Sleep and Its Relationship to Pain

By: Dr. Laura Wenger, PT, OCS, FAAOMPT

I recently attended the annual American Academy of Orthopedic Manual Physical Therapy conference in Orlando, Florida, where I got to learn from a lot of leaders in the field of physical therapy on a variety of topics. One of the presentations that I was eager to attend was one regarding a topic that is very near and dear to my heart these days: the importance of sleep and how Physical Therapist’s play a role in discussing sleep with our patients!

The presenters did a great job outlining the role that sleep plays for our health, especially the relationship between sleep deprivation and increased risk of cardiovascular disease. Furthermore, and strongly related to what we deal with each day in physical therapy, the relationship between sleep and pain was discussed. There are multiple research studies performed in the past couple of decades attempting to find out the relationship between sleep and pain. For example, a 2015 study of over 10,000 participants found that impaired sleep (reports of insomnia more than once a week, sleep latency greater than one hour, or decreased sleep efficiency) was associated with increased pain sensitivity.(1) Another study that was published this year (2019) showed that baseline sleep disturbance negatively affects pain response to treatment of chronic pain, even with the use of opioid and nonopioid medications.(2) Things that qualified as “sleep disturbance” in this study included difficulty falling asleep and trouble staying asleep.(2)

Ultimately, the research shows that sleep- or rather, difficulty sleeping- has a relationship with multiple bodily functions, including our pain experience. For anyone who has experienced a poor night’s sleep (or experiences this frequently), this isn’t surprising news. The big question to ask is, “How can I improve my sleep?”. The presentation that I attended in October gave some great suggestions for better sleep hygiene:(3)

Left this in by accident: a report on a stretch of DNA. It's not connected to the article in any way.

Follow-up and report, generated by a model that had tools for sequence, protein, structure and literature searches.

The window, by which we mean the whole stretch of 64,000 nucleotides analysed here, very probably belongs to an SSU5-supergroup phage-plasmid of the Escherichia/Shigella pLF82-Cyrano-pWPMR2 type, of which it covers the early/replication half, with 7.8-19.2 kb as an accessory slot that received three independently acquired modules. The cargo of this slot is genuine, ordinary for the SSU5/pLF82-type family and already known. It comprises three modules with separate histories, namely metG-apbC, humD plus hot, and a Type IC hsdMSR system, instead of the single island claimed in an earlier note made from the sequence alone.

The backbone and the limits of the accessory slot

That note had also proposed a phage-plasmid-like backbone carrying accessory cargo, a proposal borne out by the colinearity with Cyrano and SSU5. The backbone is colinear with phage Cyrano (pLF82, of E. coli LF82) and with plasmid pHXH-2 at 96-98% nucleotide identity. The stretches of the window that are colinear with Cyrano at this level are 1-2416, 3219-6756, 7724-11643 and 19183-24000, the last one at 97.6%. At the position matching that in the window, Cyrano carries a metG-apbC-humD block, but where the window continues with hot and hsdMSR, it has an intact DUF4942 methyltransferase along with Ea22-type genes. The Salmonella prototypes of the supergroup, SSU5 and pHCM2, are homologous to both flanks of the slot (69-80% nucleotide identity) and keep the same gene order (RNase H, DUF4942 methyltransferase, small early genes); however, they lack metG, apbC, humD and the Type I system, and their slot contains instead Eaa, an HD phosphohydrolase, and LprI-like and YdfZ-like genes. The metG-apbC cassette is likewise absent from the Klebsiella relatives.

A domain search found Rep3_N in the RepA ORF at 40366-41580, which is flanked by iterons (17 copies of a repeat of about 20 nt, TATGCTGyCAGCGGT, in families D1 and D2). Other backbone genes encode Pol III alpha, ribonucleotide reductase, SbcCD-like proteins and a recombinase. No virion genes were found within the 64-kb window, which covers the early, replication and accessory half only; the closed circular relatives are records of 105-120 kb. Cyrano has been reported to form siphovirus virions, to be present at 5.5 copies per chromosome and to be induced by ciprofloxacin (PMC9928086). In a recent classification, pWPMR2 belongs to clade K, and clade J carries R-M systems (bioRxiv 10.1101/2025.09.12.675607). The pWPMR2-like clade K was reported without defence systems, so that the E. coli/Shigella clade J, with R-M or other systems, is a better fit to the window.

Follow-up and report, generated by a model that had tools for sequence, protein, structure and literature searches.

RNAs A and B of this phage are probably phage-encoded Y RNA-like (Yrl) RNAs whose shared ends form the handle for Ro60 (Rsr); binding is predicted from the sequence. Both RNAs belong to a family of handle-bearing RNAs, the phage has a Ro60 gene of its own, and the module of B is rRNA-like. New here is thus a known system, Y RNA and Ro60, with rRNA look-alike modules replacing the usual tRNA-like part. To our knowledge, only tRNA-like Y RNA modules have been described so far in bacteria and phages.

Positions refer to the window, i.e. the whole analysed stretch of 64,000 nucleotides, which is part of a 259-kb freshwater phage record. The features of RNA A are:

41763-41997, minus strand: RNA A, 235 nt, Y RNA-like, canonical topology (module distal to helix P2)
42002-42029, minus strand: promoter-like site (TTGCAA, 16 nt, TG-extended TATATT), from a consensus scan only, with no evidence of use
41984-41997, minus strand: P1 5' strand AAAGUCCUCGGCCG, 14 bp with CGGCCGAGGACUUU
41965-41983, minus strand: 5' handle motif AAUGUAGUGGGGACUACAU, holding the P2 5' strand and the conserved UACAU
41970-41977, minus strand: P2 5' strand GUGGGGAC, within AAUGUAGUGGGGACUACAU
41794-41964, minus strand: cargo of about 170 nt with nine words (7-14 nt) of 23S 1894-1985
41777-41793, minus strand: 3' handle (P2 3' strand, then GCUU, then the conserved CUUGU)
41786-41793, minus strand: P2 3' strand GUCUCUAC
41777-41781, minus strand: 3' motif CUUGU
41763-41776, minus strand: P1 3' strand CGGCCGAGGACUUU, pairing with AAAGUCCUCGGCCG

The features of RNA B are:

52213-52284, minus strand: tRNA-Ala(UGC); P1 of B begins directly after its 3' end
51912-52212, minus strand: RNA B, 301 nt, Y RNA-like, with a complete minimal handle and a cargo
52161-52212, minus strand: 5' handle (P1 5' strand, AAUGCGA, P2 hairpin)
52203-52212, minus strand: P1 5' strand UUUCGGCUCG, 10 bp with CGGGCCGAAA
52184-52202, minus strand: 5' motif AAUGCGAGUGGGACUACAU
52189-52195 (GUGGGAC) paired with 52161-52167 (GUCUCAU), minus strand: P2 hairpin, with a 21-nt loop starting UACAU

• Consistent timing: plan to go to bed and wake up around the same time every day
  • Limit bedroom activity: the bedroom should be for sleep and intimacy only (not reading, work, watching TV, etc.)
  • Eliminate pre-bedtime stimulation
  • Try not to exercise within 2 hours of bedtime
  • Eliminate caffeine at least 4 hours before bedtime
  • Avoid large meals, spicy food, and liquid 2-3 hours before bedtime
  • Eliminate electronics at least 30 minutes before bedtime
  • Create a dark, cool environment
  • No sleeping pills
  • No naps
  • Refrain from alcohol 3-4 hours before bedtime

If you’re struggling with sleep, start by looking at this list of suggestions and identify areas where you currently do things differently. Think about one to two changes you can make in your pre-bedtime habits to start to work toward better sleep and, ultimately, better function. Remember to mention disturbed sleep to your health providers, including physical therapists, to get further individualized suggestions to help your sleep hygiene.

  1. Sivertsen B, Lallukka T, et al. Sleep and pain sensitivity in adults. Pain Journal. 2015;156:1433-1439.
  2. Koffel E, Katz AM, et al. Sleep Disturbance Predicts Less Improvement in Pain Outcomes: Secondary Analysis of the SPACE Randomized Clinical Trial. Pain Medicine. Doi: 10.1093/pm/pnz221
  3. Shepherd M, Dickerson C. Sleep Quality Assessment and Intervention in OMPT. American Academy of Orthopaedic Manual Physical Therapists Annual Conference. Orlando, FL. October 26, 2019.